Many popular search engines run an auction to determine the placement of advertisements next to search results. Current auctions at Google and Yahoo! let advertisers specify a single amount as their bid in the auction. This bid is interpreted as the maximum amount the advertiser is willing to pay per click on its ad. When search queries arrive, the bids are used to rank the ads linearly on the search result page. Advertisers seek to be high on the list, as this attracts more attention and more clicks. The advertisers pay for each user who clicks on their ad, and the amount charged depends on the bids of all the advertisers participating in the auction.
We study the problem of ranking ads and associated pricing mechanisms when the advertisers not only specify a bid, but additionally express their preference for positions in the list of ads. In particular, we study prefix position auctions where advertiser i can specify that she is interested only in the top κi positions.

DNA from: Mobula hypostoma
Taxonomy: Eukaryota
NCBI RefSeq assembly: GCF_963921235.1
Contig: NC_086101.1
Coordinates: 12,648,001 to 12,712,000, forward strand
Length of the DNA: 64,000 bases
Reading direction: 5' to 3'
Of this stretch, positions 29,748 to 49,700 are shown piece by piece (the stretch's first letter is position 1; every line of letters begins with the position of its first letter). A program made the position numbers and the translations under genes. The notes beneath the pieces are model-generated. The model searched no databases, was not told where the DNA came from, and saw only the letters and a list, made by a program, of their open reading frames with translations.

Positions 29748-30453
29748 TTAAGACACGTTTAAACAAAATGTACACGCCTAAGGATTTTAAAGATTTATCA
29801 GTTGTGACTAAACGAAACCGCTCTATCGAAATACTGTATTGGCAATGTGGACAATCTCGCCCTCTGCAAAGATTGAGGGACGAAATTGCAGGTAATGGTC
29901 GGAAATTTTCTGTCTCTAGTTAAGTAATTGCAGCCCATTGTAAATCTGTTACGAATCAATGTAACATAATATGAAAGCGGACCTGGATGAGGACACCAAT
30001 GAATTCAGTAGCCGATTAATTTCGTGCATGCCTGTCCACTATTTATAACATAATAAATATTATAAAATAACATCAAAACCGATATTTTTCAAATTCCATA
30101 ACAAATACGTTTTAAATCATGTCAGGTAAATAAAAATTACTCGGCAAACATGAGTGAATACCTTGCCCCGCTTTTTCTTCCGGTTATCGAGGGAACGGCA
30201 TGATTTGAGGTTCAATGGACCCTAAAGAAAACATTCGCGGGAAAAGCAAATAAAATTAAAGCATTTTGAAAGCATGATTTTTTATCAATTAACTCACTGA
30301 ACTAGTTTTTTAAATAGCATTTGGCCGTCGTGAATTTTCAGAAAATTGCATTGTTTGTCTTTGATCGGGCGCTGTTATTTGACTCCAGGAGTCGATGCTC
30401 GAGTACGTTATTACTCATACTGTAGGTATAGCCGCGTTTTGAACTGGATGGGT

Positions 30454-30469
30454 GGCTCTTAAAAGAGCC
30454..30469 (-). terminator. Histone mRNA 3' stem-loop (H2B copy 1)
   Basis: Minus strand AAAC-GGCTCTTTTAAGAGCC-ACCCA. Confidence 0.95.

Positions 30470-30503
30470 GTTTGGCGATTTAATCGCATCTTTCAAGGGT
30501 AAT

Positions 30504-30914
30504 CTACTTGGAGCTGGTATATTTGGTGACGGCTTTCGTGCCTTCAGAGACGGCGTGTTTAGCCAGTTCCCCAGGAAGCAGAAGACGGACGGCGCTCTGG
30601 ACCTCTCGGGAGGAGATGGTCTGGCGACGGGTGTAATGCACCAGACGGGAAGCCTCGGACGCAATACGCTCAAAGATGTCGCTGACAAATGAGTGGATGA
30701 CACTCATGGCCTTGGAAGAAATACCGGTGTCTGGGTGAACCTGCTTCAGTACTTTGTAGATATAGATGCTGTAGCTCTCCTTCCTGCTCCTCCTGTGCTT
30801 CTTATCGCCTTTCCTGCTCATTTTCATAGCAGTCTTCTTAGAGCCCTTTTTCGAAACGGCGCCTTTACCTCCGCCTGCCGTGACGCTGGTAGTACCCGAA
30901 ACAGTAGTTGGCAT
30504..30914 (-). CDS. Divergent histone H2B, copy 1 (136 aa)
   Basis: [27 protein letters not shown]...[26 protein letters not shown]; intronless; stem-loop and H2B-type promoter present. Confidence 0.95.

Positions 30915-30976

We present a simple allocation and pricing mechanism that generalizes the desirable properties of current auctions that do not have position constraints. In addition, we show that our auction has an envy-free or symmetric Nash equilibrium with the same outcome in allocation and pricing as the well-known truthful Vickrey-Clarke-Groves (VCG) auction. Furthermore, we show that this equilibrium is the best such equilibrium for the advertisers in terms of the profit made by each advertiser. We also discuss other position-based auctions.